How can I compute the characters of the induced representation $\mathbf{1}_{D_n} \uparrow^{S_n}_{D_n}$?

Here, $S_n$ is the symmetric group over $n$ symbols and $D_n$ is the dihedral group of order $2 n$.

I can compute the character table of the symmetric group $S_n$ using the scheme mentioned in this blog article which uses the Murnaghan-Nakayama rule.

Is there a similar approach for computing the characters of $\mathbf{1}_{D_n} \uparrow^{S_n}_{D_n}$?

I understand that I can compute the transversal of $D_n$ in $S_n$ and use it to compute the matrix representation of each element in $S_n$ as shown in the section 1.12 of The Symmetric Group : Representations, Combinatorial Algorithms, and Symmetric Functions by Sagan. Then I can compute the characters by taking the traces. But this technique is tedious.

Is there any shorter procedure where I can use the Murnaghan-Nakayama rule to compute the characters of $\mathbf{1}_{D_n} \uparrow^{S_n}_{D_n}$?


I am trying to detect the hidden subgroup $D_n$ of order $2 n$ within $S_n$ using Normal Subgroup Reconstruction and Quantum Computation Using Group Representations as reference. This boils down to computing the Fourier transform of the following indicator function of a left coset of $D_n$ in $S_n$ which is assumed.

$$ f (g) = \begin{cases} \frac{1}{\sqrt{|D_n|}} & \quad \text{ if } g \in c D_n\\ 0 & \quad \text{ otherwise}\\ \end{cases} $$ for some $c \in S_n$.

If the quantum Fourier transform is $\hat{f}$, we seek to measure the labels of irreps, $\rho$. According to the Lemma 1 in the paper, the probability of measuring $\rho$ is $\frac{|D_n|}{|S_n|} d_\rho \langle \chi_\rho, \chi_{\mathbf{1}_H}\rangle_{D_n}$.

Using a special case of Frobenius reciprocity as shown in the Lemma 2 in the paper, we can say that, $$\langle {\chi \uparrow^{S_n}_{D_n}}_{\mathbf{ 1}_{D_n}} , \chi_\rho \rangle_{S_n} = \langle \chi_{\mathbf{ 1}_{D_n}}, \chi_\rho \downarrow^{S_n}_{D_n} \rangle_{D_n}$$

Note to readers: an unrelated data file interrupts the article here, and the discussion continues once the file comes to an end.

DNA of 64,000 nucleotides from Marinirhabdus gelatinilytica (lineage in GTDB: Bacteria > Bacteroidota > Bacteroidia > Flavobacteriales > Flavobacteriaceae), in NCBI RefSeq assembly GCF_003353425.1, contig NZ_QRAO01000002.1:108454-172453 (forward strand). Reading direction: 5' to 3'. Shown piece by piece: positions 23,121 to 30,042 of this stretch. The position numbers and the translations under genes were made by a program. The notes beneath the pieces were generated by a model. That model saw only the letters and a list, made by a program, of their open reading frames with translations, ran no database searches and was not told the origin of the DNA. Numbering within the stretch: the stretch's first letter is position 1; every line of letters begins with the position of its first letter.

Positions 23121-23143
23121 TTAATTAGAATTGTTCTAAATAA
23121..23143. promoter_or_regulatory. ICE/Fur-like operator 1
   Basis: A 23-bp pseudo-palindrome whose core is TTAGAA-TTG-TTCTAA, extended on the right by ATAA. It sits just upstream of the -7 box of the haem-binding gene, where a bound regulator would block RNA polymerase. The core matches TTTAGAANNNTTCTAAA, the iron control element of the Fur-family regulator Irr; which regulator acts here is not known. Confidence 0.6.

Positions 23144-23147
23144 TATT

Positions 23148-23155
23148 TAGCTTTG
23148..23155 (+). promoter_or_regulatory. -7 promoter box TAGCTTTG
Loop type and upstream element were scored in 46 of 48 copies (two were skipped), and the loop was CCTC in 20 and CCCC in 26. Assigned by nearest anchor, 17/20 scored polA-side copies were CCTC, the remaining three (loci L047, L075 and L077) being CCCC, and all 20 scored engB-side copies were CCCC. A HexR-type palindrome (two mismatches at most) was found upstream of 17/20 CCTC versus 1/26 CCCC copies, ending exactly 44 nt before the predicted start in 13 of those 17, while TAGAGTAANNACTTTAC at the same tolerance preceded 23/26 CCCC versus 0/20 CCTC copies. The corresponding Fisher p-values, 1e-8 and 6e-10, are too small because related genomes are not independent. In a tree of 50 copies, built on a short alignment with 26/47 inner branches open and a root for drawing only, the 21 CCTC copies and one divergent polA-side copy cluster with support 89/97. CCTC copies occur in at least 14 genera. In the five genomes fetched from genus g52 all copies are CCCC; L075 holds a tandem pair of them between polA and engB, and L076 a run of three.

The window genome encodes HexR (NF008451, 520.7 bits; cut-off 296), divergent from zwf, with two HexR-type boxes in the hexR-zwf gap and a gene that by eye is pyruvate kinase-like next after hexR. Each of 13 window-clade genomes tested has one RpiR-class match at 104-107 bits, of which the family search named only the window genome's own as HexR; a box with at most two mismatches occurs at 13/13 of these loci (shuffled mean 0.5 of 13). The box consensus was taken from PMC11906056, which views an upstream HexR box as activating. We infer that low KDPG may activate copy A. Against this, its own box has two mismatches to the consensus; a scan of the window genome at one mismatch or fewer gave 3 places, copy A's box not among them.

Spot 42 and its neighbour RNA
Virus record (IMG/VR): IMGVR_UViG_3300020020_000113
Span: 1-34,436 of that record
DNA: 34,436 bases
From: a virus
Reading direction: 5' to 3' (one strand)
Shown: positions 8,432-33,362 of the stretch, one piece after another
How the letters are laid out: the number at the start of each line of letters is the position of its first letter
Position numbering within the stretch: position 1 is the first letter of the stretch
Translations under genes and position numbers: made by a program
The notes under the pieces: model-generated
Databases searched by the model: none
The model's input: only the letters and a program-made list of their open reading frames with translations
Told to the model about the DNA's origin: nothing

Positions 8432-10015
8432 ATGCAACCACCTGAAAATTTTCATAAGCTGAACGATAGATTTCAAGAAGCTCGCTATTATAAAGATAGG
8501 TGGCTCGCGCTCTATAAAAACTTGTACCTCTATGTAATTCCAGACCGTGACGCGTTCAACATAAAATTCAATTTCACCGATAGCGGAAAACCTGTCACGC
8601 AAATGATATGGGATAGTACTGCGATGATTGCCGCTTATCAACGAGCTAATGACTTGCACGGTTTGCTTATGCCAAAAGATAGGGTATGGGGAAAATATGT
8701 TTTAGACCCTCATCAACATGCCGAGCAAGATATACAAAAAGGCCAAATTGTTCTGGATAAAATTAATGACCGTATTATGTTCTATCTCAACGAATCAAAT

That's why I need to compute $\langle {\chi \uparrow^{S_n}_{D_n}}_{\mathbf{ 1}_{D_n}} , \chi_\rho \rangle_{S_n}$. To do that I need to determine the character table of $\mathbf{1}_{D_n} \uparrow^{S_n}_{D_n}$.

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    $\begingroup$ So if that notation means "an induced representation," you're just looking for its (singular) character, and not character table right? $\endgroup$ – pjs36 May 25 '16 at 16:08
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    $\begingroup$ A "character table" is something associated to a group. What you're asking for the character table of is a representation (usually reducible) of $S_n$; it doesn't have a character table. The closest you could ask for is its decomposition into reducible characters (which, in general, is going to be fairly large; the order of $S_n$ grows as $n!$, while the order of $D_n$ grows as $2n$). $\endgroup$ – PL. May 25 '16 at 18:02
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    $\begingroup$ Or it occurs to me that perhaps you could want to decompose your induced character into irreducibles and hope that this gives enough of the characters of $S_n$ to fill in the rest of the table? If so, I don't think that's a very good approach due to the fact that the induced character will in general be of huge length. Young tableaux methods really are the best way to deal with representations of $S_n$. $\endgroup$ – PL. May 25 '16 at 18:06
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    $\begingroup$ Your edit does not address that the thing does not have a character table but a decomposition. $\endgroup$ – Tobias Kildetoft May 25 '16 at 19:41
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    $\begingroup$ You appended your motivation (which I don't understand, btw) but the problem is that we don't understand what you are trying to do, independently of why you want to do it. As people have told you, representations do not have «character tables» so your question does not make sense at the moment. $\endgroup$ – Mariano Suárez-Álvarez May 25 '16 at 19:55

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